Between the Echoes: <i>Oh, the Places You’ll Go</i>
An offshoot of Ed Trust’s Echoes From the Gap series, drawing stories of students from behind the statistics, this blog series shares shorter narratives — brief glimpses into classrooms and hallways — that give readers an opportunity to examine educator practices and policies through the intimate lens of student experience. All stories are based on interviews or first-hand accounts, but are shared with respect for the privacy of students and the adults around them.
The Dr. Seuss book was signed in Spanish by proud parents.
A gift at graduation, after she’d learned she was accepted to college.
The first in her family.
Now it sits on the bookshelf in her dorm room, between her overpriced, required College Success book and a used textbook for Math 98, one of three developmental classes she tested into.
She’d always dreamed of the places she’d go, but she didn’t ever imagine that it would be back through the classes she had already taken.
Through high school, she marveled, she’d been a straight A student.
“I was making straight A’s. I was like, ‘I love school! I love to learn. College is gonna be easy. I’m gonna go four years and get it done!’”
But college was proving a different story, and her grades were middling at best in these remedial classes.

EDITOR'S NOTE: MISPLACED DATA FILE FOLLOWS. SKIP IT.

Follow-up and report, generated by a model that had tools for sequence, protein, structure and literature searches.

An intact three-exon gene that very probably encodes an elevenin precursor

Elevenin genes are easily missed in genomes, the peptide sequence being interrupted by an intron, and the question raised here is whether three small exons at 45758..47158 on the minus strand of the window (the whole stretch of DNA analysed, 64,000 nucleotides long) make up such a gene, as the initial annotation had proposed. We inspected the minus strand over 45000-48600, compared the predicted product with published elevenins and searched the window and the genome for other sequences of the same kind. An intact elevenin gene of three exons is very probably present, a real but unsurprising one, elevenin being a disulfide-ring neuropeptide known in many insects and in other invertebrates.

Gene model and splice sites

“My work is definitely harder than it was in high school. In high school, they gave us a lot of work, but it was busy work.
“In high school — the English teacher — she would assign us a memoir or something. Just, like, personal. She would just give us stuff like that but it would have to be five pages. It’s a lot, but it’s easy. Easy work. Here, we’re doing like rhetorical literary analyses on ethos and pathos and all kinds of stuff. And if you want a good grade, you have to really earn it. It’s not just given to you.
“I feel like I was never pushed in high school. I guess all the teachers wanted us to graduate — but I was never pushed.”
Trying to hold onto her scholarship and the fragile thread of belief that she belonged in college, she reflected back on high school with a new perspective: “If I was back in high school — I would have never said this — I would say, ‘Make me work for something.’”
It took getting to college to learn the hard way that they hadn’t.
Are educators asking enough of students? Read Ed Trust’s latest report, Checking In, which examines the rigor (or lack thereof) in the K-12 assignments given to students.